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Samantha Dixon

Position/Title: M.Sc. (Thesis) Student
Office: ANNU 043

After graduating with a B.Sc., honours in Animal Biology, I spent a few years working in various animal care settings. I gained experience working as the calf care manager on a dairy farm, as well as working at an equestrian facility. Additionally, for the past ten years, I have worked as a veterinary technician at a small animal clinic. 

In 2017 I returned to Guelph to continue my education, as I strongly enjoy learning. After receiving an OMAFRA- HQP scholarship, I started my M.Sc. under the supervision of Dr. Angela Cánovas and Dr. Niel Karrow, within the Centre for Genetic Improvement of Livestock (CGIL).  

Haemonchus contortus is a gastrointestinal nematode that has been identified as a common cause of morbidity and mortality in grazing sheep. This parasite causes rapid and severe anemia, resulting in death for many sheep within 8-12 weeks of exposure on pasture. Chemical controls alone are inadequate, as H. contortus rapidly develops resistance to anthelmintics. My project is looking at an alternative approach to controlling these infections, by selecting sheep that develop an enhanced immune response to this parasite. We will be examining the abomasum transcriptome to identify key regulator genes and functional Single Nucleotide Polymorphisms (SNPs) in animals with resistance to H. contortus. The resulting information could be integrated into breeding programs to select for genetically resistant sheep, thus contributing to improved animal health and welfare.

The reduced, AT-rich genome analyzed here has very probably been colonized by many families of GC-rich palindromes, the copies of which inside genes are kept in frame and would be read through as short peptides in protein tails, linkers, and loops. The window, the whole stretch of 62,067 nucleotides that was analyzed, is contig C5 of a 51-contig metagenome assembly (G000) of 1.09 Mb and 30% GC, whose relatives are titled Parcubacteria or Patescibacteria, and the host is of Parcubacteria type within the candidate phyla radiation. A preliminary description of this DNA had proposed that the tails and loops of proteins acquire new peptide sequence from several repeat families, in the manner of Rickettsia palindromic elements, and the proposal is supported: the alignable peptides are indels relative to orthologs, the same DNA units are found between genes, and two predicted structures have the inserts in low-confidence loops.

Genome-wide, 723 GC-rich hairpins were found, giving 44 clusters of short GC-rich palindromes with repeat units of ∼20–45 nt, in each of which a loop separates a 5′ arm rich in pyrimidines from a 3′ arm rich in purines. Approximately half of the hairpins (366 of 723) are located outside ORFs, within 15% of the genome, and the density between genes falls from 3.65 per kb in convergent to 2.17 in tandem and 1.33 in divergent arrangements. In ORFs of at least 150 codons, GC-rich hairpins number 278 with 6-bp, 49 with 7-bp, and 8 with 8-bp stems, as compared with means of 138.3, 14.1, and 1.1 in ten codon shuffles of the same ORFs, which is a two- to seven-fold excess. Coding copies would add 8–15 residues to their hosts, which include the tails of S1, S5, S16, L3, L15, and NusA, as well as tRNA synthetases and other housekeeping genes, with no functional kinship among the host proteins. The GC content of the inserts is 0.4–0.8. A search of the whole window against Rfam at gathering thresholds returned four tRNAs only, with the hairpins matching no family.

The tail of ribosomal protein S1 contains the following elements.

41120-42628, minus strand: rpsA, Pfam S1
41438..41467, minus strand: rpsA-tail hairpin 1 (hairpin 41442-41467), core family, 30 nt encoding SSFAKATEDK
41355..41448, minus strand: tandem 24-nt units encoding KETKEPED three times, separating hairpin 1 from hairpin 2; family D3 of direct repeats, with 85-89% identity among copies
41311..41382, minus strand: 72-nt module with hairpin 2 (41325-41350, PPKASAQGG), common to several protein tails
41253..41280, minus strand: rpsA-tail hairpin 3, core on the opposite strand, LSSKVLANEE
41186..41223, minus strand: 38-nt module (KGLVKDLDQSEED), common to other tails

After completion of this project, I hope to continue working with genetics and immunology in dairy cattle. Outside of my work and research, I am a member of the ABSc Graduate Student Council. I also enjoy going to the gym and riding my horse.